Trustbuster Fines Steimatzky for Breaking Exclusivity Rules

CEO of Israel's largest bookstore chain, Iris Barel, also told to pay up.

Adi Dovrat-Meseritz
Adi Dovrat-Meseritz
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A branch of the Steimatzky bookstore chain. Credit: Daniel Tchetchik
Adi Dovrat-Meseritz
Adi Dovrat-Meseritz

Bookstore chain Steimatzky will be fined 1.5 million shekels ($434,900) after the antitrust commissioner found that the company demanded that publishers offer it exclusive sales on their products, contrary to the terms of a 1995 merger with another bookstore chain.

Steimatzky CEO Iris Barel is being personally fined 50,000 shekels, and the chain is forbidden from reimbursing her, the trustbuster ruled.

The fines come as part of a settlement worked out between the Antitrust Authority, Steimatzky and Barel. The agreement is up for public review and needs approval from the antitrust court.

The investigation into the alleged antitrust violation began in 2011, and involves two incidents. In the first incident, Steimatzky demanded that various publishers offer it exclusive sales on books participating in its customer club promotions between November 2010 and June 2011. These books could not be offered at sale prices at other chains, Steimatzky demanded. In the second incident, Steimatzky demanded in July 2011 that publishers whose books were offered at sale prices at its branches not be offered at discounts at other branches. Steimatzky retracted the second demand several days later.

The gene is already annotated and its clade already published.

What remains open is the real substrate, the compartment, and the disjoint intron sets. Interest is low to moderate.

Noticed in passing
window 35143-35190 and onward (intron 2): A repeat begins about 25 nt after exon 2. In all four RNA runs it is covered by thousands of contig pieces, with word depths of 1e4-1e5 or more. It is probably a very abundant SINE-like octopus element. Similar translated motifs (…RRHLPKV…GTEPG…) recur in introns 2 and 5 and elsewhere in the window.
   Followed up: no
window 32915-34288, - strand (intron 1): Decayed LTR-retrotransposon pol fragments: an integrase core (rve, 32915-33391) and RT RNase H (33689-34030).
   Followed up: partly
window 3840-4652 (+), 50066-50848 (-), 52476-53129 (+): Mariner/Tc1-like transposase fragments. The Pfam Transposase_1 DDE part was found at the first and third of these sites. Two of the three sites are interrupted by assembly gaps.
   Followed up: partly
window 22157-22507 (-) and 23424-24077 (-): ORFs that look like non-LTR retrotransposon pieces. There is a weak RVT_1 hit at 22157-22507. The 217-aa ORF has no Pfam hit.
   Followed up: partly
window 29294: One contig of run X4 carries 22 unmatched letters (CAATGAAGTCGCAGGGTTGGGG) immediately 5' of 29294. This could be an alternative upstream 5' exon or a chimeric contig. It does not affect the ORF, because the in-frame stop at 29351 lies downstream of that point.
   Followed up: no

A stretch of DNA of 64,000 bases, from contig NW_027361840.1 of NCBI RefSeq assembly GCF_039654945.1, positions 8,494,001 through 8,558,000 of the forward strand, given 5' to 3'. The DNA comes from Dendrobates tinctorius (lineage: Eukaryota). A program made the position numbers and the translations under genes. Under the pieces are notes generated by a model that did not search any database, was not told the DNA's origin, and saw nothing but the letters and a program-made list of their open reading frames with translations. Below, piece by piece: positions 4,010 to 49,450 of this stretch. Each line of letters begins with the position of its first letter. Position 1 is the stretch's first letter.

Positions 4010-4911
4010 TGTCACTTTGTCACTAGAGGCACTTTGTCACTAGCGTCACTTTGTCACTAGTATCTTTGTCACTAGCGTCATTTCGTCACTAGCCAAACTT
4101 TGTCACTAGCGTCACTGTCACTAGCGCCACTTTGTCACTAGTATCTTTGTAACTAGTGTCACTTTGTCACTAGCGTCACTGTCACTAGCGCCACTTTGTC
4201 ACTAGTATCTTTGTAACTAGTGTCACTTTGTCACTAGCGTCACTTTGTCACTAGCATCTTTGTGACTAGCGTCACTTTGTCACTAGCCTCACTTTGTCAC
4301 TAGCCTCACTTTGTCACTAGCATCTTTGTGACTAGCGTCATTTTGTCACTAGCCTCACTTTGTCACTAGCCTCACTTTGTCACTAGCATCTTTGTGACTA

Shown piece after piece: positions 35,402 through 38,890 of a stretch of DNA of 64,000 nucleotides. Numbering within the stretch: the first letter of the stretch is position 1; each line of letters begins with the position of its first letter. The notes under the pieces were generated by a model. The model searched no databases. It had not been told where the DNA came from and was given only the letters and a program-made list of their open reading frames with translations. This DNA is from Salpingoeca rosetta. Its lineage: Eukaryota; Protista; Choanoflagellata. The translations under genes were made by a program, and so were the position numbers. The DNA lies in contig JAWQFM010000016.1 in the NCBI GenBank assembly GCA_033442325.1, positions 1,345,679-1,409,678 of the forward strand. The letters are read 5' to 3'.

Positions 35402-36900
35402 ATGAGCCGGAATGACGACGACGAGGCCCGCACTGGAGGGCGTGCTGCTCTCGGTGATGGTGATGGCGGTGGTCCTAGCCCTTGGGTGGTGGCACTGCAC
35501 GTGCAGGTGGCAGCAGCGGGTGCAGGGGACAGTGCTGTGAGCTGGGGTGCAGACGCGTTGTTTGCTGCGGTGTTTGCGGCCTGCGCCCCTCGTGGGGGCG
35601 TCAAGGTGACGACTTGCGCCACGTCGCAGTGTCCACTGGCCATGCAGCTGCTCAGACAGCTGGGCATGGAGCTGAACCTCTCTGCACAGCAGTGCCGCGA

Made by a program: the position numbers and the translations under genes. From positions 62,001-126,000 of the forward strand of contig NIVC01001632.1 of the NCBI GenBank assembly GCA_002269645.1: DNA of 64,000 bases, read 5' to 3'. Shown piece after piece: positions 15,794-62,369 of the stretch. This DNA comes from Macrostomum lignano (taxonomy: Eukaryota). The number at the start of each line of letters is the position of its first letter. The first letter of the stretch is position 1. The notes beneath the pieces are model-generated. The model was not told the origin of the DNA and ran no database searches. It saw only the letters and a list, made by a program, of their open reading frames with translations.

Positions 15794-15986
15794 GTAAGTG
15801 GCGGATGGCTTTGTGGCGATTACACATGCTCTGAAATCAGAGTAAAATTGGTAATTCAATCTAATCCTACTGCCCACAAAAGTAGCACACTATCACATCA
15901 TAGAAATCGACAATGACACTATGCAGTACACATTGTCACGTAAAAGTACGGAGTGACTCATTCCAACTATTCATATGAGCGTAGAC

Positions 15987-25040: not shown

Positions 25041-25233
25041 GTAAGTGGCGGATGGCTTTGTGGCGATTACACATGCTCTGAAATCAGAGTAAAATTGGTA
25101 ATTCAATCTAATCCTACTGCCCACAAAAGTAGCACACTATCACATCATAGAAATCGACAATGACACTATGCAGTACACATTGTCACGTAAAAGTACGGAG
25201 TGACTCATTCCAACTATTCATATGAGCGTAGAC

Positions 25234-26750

As part of the 1995 merger with Sifri, Steimatzky was forbidden from attempting to limit publishers’ relationships with its competitors.

Steimatzky and Barel were informed that they would be facing an antitrust hearing in January 2013. Following the hearing, the sides came to an agreement stipulating financial sanctions, and in exchange the trustbuster agreed not to file an indictment.

The alleged infractions occurred before an amendment took force enabling the Antitrust Authority to impose administrative sanctions on antitrust violators.

The fine is unlikely to place too much of a dent in Barel’s personal finances. She is likely to receive a $2 million bonus when the chain is sold, and she earns 100,000 shekels a month.

Steimatzky has been in financial straits over the past year and is currently in negotiations to be sold to the Arledan Group, which also owns the publishing house Keter and the office supplies chain Kravitz. Steimatzky is likely to fetch 30 million to 50 million shekels.

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